Bottled water regulation called slack

April 11, 1991|By Knight-Ridder News Service

WASHINGTON -- The Food and Drug Administration's negligence in regulating the bottled-water industry has allowed contaminated water to reach consumers and has created confusion over product labeling, according to a House investigative report released yesterday.

Last year's worldwide recall of Perrier products, brought about by the discovery of unsafe levels of benzene, focused attention on potential health problems, said Representative John D. Dingell, D-Mich., chairman of the Energy and Commerce Oversight and Investigations Subcommittee.

An FDA official told the panel yesterday that the agency considered bottled water safe. However, Mr. Dingell used the subcommittee study and a General Accounting Office report to support his contention that bottled water problems are widespread.

The GAO report noted that the Environmental Protection Agency regulated most supplies of public drinking water but that the FDA had primary responsibility for ensuring the safety of bottled water. Then it added:

"FDA has not adopted all health-based public drinking water standards established by EPA that set maximum levels for certain harmful contaminants, such as benzene -- a known carcinogen.

"As a result, bottled water, including mineral water, may contain levels of potentially harmful contaminants that are not allowed in public drinking water."

The subcommittee study listed 22 bottled-water products recalled last year because they contained benzene, styrene or mold. Mr. Dingellcited two cases in which manufacturers were allowed to continue operating even though potentially unsafe levels of bacteria were discovered in their products.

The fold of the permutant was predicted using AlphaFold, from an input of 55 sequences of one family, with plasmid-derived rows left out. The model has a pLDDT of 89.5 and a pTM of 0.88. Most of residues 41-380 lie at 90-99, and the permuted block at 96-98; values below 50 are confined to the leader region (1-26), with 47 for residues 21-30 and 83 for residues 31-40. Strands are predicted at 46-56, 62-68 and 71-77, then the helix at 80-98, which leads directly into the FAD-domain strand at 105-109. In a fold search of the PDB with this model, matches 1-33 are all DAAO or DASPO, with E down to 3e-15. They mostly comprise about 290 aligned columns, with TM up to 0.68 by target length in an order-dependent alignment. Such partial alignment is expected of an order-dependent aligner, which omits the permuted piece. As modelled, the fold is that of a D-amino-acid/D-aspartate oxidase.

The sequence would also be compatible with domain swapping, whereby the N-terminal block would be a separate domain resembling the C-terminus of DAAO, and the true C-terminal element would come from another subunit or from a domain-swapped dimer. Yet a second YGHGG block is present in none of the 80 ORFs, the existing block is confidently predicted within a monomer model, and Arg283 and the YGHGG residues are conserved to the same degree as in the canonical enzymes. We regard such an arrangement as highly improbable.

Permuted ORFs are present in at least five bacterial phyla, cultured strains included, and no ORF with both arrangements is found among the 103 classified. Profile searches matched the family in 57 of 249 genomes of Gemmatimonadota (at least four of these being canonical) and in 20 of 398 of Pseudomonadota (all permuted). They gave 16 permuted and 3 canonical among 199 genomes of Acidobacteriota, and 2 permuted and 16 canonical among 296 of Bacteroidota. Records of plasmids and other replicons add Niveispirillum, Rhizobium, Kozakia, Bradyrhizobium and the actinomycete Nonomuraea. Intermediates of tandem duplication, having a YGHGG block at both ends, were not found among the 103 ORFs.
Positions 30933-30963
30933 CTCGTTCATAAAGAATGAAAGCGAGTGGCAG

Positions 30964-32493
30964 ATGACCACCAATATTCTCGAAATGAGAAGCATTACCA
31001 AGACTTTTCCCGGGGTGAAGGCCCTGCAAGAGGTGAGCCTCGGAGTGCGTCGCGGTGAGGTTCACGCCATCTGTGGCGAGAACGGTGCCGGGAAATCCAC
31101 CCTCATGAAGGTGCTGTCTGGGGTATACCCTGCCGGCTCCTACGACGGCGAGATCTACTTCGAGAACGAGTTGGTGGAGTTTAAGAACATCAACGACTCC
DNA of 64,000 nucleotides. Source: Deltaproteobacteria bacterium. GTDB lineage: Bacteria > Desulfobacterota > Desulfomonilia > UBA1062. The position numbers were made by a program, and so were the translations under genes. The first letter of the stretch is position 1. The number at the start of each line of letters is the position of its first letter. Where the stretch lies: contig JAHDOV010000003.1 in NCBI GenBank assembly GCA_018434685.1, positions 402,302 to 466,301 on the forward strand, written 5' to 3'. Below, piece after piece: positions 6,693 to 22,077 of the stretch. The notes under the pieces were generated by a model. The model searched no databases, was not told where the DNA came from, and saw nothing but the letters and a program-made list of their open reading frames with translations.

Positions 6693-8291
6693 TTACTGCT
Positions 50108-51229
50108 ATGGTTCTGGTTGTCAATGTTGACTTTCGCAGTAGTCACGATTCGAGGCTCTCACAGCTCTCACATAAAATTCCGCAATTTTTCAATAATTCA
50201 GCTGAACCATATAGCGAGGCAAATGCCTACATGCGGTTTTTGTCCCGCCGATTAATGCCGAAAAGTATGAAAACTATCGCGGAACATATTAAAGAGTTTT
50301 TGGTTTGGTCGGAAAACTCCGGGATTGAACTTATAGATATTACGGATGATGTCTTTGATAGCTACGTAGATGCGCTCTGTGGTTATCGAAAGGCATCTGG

An FDA survey conducted last year revealed that water bottled by Lithia Springs Water of Georgia and Bean Speciality and Marketing of California contained millions of bacterial organisms per milliliter, though FDA standards recommend only 500 per milliliter. The water also contained dangerous levels of pseudomonas aeruginosa, a microorganism that can harm humans, Mr. Dingell said.

"You would not even be able to swim in water that had these contamination levels, would you?" Mr. Dingell asked Fred Shank, director of the FDA's Center for Food Safety and Nutrition. "I'm trying to find out why you permit the sale of water this contaminated."

"The EPA told us they would haveshut the place down. But your agency didn't do that," Representative Ron Wyden, D-Ore., said to Mr. Shank.

Mr. Shank said manufacturers temporarily closed both plants to clean their equipment, but he did not know whether any additional action was taken.

Surveys show that many people choose bottled water for health reasons. But about 25 percent of the bottled water sold today is nothing more than tap water, said L. Robert Lake, director of the FDA's Office of Compliance.

The findings lent some support to a 1989 report by the Environmental Policy Institute, a Washington-based advocacy group, that said public water systems were the source for about one-third of the bottled water sold in the United States.

The New York Times News Service contributed to this article.

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